What are the strategic pressures on public sector organisations? One of the key differences in strategy in public sector organisations is the impact of the political view of accountability. The view then changed to requiring public service operators. Research suggests that where men are assertive and have dominant roles. but for the purpose of considering the achievement of strategic fit between human resource strategies and organisational strategies. Local councils aiming for 'best value' status are required to prepare and publish comprehensive annual performance plans that set out overall objectives and establish performance reviews. so the emphasis tends to be on quality issues. so organisations tend to emphasise generating profits. The impact of national culture is an important facet of forming human resource strategies. if a best value review concludes that the running of local authority retirement and nursing homes would be more appropriately handled by another service provider. which aimed at getting the best price for any item or service purchased. which are often criticised for being based upon general criteria that do not take into account local conditions. Where there is a larger role for women. Japanese children are taught to conform. religion. At one time. to the extent that public service providers now have to meet stringent government-set targets and publish how successful they are at meeting those targets. The Japanese. although we must be aware of stereotyping. to work within a group and to develop team spirit. attitudes towards gender differences vary accordingly to national culture. initiatives such as 'best value' within local authorities have been designed to give local people greater say over the way in which local services are delivered. National approaches to. interpersonal relationships and concern for the environment. the family and education can impact in the application or acceptability of certain human resource strategies. therefore. For example. We will look at how the global economy impacts on aspects of human resource management when we look at situational analysis and human resource planning in Unit 5. goes much further than the original principles of compulsory competitive tendering. because of the impact of national culture on human behaviour. Funding is frequently dependent upon the successful achievement of such targets. Best value also has huge implications for human resource strategies. Strategies where individual performance is emphasised are at odds with this background. All services must be reviewed over a five year period and must:     Ask why the council provides a service at all and ask whether someone else could do it better Compare performance with other providers of similar services Consult with those who are partners in or recipients of the services Demonstrate that they can compete with other potential providers of the service.Vertical Integration and Human Resources Strategy 29  Reactor organisations are companies that lack a consistent strategy-structure-culture relationship and human resource strategies are similarly disassociated. who are more service oriented. have great difficulty with any course of action where they might be perceived as losing face. there are clear implications for the multinational organisation. to meet certain financial targets aimed at ensuring the taxpayer received a certain amount of value for money. whatever the cost. Successive governments have built upon this view. Best value. More recently. public sector organisations were simply required to provide a public service. performance and achievement. Similarly. for example. at the very least. This is easiest to see where differences are most marked. What effect has globalisation had on HR strategy? The last quarter of the twentieth century saw an explosion in technology and in particular the use of Internet technology and the growth of the global economy. for example. what implications do you think this might have on human resources management? © ABE and RRC .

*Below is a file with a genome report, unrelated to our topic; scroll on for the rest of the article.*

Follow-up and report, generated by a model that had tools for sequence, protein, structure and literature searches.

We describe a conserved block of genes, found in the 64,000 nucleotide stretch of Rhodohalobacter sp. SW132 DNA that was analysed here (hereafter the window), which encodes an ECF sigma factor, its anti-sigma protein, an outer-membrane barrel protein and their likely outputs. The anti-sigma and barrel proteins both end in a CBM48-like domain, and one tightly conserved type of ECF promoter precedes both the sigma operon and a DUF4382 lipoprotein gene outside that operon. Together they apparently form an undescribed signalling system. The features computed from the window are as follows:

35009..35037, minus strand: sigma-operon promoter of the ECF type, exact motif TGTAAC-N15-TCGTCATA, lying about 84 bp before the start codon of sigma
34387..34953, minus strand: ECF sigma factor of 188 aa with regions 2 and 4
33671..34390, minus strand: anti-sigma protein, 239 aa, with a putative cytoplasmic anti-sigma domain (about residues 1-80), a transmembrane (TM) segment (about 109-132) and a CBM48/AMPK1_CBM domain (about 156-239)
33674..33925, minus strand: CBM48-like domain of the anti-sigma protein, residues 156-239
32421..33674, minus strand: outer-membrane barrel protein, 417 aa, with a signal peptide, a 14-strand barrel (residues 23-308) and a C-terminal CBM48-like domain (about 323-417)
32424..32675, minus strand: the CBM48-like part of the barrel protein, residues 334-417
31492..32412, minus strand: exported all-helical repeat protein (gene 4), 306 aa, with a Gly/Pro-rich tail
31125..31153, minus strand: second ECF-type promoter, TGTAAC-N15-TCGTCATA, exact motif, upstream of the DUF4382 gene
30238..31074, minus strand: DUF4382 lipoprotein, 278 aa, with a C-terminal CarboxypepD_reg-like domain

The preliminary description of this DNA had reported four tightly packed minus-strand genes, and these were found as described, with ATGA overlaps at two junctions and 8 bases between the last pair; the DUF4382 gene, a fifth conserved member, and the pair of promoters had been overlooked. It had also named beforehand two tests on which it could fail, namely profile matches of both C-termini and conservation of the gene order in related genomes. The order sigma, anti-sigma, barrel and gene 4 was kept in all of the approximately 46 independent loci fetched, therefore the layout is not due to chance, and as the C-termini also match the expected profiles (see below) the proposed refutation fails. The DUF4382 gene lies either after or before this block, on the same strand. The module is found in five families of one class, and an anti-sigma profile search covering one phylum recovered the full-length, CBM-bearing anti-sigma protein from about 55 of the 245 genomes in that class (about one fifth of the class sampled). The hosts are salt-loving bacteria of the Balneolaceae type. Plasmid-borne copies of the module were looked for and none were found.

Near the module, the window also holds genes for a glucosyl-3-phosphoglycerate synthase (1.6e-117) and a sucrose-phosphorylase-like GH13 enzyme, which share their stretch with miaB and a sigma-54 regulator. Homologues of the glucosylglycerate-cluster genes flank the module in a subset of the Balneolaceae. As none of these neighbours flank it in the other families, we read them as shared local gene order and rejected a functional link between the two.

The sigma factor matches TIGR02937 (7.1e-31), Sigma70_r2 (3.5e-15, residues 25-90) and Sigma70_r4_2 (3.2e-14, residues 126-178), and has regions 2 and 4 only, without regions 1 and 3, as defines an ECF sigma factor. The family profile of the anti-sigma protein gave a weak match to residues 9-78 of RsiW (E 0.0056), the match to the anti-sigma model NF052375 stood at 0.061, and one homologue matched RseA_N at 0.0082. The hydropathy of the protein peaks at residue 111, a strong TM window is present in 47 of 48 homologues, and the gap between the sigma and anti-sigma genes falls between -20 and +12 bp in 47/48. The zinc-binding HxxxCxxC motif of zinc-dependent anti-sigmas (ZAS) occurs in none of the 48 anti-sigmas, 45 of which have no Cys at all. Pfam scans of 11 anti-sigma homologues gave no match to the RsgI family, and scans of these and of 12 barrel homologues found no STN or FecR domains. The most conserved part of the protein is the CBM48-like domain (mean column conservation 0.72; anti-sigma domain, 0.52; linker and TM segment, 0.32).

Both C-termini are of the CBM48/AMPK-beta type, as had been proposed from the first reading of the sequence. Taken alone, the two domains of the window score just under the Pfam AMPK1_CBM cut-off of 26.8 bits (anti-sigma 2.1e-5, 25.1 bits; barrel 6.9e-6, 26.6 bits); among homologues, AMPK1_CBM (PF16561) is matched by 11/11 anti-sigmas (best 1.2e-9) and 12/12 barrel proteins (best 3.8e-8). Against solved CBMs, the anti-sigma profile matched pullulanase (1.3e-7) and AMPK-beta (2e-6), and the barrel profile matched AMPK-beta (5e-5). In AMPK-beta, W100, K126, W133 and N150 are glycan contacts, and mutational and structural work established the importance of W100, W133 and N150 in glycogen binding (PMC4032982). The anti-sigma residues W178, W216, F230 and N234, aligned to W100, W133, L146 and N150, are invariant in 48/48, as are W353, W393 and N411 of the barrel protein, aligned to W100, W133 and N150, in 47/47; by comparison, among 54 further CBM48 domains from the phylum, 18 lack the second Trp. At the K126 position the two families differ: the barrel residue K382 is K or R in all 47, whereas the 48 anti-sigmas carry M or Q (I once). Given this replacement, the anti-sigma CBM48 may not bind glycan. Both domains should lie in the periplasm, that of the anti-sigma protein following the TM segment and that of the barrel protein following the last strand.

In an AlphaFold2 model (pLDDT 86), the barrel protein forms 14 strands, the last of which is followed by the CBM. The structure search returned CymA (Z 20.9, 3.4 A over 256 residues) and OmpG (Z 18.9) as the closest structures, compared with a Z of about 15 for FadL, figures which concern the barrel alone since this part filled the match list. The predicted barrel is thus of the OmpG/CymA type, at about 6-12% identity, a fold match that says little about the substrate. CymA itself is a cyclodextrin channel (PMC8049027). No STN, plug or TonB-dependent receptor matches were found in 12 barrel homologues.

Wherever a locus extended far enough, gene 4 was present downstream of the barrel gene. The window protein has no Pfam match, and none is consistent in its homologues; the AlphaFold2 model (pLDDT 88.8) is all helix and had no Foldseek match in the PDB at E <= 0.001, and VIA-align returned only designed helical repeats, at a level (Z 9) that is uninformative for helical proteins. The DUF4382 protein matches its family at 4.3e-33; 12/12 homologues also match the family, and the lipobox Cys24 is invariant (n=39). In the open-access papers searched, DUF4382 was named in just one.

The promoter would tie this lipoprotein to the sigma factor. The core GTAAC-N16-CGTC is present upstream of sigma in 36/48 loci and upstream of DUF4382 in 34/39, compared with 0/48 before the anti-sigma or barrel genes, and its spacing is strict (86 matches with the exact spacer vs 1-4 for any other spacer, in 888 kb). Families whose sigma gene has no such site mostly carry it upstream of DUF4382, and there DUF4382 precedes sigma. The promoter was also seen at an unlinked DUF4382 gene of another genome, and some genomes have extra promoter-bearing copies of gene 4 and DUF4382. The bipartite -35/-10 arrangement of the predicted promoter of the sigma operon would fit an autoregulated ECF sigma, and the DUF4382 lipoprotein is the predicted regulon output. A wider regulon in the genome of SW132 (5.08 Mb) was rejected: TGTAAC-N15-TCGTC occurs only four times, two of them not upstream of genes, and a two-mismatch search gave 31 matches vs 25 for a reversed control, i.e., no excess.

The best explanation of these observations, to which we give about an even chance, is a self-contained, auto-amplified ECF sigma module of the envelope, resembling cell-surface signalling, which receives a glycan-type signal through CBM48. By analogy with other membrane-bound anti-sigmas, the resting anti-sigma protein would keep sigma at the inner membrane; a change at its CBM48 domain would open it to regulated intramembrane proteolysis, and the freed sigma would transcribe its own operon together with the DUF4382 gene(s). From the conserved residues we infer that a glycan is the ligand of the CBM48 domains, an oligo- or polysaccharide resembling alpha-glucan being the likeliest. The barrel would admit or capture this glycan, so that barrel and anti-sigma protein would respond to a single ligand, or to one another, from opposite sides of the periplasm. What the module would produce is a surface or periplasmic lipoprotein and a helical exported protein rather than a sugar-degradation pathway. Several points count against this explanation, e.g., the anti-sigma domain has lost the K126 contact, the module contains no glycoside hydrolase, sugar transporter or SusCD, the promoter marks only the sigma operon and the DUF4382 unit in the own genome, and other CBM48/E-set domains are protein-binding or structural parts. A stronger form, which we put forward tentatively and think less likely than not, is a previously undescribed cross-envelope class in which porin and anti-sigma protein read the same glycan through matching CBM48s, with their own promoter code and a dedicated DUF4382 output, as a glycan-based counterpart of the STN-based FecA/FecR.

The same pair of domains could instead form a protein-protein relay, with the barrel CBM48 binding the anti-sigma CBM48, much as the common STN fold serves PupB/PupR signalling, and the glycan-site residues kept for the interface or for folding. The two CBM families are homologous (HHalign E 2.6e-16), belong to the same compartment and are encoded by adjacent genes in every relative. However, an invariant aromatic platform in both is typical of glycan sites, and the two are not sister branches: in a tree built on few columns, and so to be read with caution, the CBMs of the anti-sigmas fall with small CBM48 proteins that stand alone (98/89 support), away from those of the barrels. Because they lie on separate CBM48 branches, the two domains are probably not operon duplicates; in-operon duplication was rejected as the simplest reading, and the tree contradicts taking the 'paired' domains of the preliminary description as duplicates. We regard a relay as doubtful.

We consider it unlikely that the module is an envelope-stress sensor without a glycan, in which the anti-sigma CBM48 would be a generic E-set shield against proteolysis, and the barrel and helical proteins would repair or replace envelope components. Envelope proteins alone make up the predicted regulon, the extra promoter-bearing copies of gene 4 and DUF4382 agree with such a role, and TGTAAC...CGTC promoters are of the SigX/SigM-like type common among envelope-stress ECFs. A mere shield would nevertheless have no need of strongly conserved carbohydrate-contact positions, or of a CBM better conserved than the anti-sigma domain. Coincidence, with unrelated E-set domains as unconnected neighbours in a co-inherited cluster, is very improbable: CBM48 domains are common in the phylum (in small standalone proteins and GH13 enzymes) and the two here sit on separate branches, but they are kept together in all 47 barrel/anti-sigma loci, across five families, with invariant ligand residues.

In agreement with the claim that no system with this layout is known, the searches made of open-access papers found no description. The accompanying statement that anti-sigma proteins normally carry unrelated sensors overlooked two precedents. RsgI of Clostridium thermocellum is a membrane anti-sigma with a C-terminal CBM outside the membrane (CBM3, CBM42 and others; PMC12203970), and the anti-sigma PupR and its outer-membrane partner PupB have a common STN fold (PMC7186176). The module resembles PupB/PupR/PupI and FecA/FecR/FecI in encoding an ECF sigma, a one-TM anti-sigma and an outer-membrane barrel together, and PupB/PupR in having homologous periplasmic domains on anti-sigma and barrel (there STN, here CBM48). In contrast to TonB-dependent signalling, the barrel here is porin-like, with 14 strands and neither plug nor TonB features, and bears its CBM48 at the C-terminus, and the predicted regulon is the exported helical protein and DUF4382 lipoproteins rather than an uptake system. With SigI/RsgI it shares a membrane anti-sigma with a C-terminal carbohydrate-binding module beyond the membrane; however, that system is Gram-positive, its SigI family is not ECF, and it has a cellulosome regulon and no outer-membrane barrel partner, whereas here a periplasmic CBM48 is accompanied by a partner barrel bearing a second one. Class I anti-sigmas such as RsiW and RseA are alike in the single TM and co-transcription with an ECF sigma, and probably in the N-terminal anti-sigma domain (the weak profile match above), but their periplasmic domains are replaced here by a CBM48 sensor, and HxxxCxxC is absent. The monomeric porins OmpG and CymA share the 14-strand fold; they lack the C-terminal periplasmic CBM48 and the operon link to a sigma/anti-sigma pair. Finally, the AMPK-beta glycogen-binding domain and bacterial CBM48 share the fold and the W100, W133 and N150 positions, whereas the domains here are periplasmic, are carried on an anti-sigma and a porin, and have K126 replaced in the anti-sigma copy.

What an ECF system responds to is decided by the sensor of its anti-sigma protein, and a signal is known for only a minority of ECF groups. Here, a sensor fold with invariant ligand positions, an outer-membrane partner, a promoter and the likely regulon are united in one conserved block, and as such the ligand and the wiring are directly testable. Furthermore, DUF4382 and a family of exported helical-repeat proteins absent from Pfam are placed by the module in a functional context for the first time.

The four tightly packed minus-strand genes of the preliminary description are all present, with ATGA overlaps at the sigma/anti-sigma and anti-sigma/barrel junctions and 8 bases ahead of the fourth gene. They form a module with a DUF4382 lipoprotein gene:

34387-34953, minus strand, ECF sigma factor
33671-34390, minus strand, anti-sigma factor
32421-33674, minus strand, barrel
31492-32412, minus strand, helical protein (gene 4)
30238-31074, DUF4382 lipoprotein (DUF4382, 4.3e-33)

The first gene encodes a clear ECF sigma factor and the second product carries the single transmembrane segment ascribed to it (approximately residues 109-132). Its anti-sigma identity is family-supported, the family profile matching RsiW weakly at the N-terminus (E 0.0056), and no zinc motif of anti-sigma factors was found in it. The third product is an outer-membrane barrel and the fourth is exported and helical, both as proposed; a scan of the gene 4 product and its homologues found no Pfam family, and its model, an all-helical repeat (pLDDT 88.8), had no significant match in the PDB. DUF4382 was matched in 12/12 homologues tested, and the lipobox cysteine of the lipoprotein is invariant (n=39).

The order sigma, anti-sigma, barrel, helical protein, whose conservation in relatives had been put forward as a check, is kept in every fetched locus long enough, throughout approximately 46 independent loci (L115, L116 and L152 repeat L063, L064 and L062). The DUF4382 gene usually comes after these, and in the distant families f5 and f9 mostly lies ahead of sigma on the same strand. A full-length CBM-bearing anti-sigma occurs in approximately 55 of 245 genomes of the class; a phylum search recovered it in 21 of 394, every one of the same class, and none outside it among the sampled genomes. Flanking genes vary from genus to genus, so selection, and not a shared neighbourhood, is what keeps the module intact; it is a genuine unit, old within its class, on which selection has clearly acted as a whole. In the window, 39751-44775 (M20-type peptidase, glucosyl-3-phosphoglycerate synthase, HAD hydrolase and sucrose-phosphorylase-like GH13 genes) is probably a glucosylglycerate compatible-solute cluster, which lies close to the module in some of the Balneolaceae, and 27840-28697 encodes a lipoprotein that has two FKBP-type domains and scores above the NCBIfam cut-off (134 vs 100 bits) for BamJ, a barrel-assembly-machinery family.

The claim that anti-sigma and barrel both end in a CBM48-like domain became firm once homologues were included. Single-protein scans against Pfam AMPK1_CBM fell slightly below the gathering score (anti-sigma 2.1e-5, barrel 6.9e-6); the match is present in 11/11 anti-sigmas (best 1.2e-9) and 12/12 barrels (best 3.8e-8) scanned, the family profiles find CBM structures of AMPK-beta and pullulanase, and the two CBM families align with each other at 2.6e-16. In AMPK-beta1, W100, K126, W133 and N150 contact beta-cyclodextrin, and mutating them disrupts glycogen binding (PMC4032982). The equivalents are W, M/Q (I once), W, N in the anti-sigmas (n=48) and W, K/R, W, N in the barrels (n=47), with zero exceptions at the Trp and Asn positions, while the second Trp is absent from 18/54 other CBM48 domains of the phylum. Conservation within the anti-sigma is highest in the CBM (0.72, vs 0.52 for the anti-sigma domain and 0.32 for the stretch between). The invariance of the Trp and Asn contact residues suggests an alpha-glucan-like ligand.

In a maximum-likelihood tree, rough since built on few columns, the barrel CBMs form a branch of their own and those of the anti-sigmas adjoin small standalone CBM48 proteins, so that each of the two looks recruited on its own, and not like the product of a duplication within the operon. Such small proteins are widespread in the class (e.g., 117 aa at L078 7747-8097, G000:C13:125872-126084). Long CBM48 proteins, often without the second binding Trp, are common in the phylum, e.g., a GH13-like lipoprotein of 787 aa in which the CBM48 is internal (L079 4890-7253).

30 Vertical Integration and Human Resources Strategy The move towards a more commercial approach to management in the public sector has led to greater emphasis on the strategic approach to human resource management and towards initiatives such as high commitment management. unpaid staff members are a vital part of the overall strategy of the organisation. when support ceased when an alternative political party gained control of the council. He cites. local councils in the UK stand for reelection every four years. not least of which is the short-term nature of the political processes in the UK. This is backed up by a clear commitment to providing training and using the individual skills and expertise of those who volunteer. Directed by locally elected representatives. He also noted some of the difficulties faced by local authorities and the public sector generally. John Storey. John Storey illustrates this with the case of Bradford Council that had to reverse its social strategy and attendant human resource management approach. By not paying volunteers. he found the reply was always the same: "because in my job there isn't much challenge. rather than mere compliance with rules. not enough responsibility. all middle to senior executives in a variety of businesses and many of whom are also active in the voluntary sector for several hours a week. so strategies aimed at turning well-meaning amateurs into trained. Thus. the voluntary sector have long supported the view that volunteers must get satisfaction from their endeavours. Some not-for-profit organisations have created career ladders for their volunteers. virtually overnight. after all. © ABE and RRC . efforts are concentrated on moving that individual and finding something to which they are suited. rather than simply dispensing with their services. the not-for-profit sector has led the way with the soft approach to human resource management. Drucker argued that many businesses could profit from the strategies developed by the notfor-profit sector in the field of human resource management. as an example. To a large extent. In the late 1980s. a number of students he has taught. there is only expediency". When he asked why they did it. the focus for not-for-profits was the performance of the mission. a local authority can change political persuasion. Drucker found that the not-for-profit sector started with a mission that focused the organisation on clear action-based goals and unlike most commercially based organisations who focus on planning and financial returns. Once volunteers are trained. the not-for-profit sector has seen great change in the way its organisations are managed over the last two decades. for example. What are the strategic pressures on the not for profit sector? As with the public sector. writing in Public Money and Management in 1989. so that performance is repaid by increased responsibility. and there is no mission. Peter Drucker studied the management of the non-for-profit sector in the United States (reported in Harvard Business Review in 1989) and found that management techniques in the not-for-profit sector were superior to those found within business. which generates high commitment amongst volunteers who. A strong sense of mission is a vital starting point. professional. resulting in the need/push for a complete change of emphasis in terms of policies and objectives which human resource management must adapt to. that knowledge and expertise is continually developed and used so that volunteers continue to get satisfaction from their role. can leave at any time. Even if an individual proves unsuitable for a particular role. noted that local authorities and public sector organisations such as the NHS were being forced to adopt human resource practices that are integrated with business plans and to aim for 'committed' employee behaviour. not enough achievement.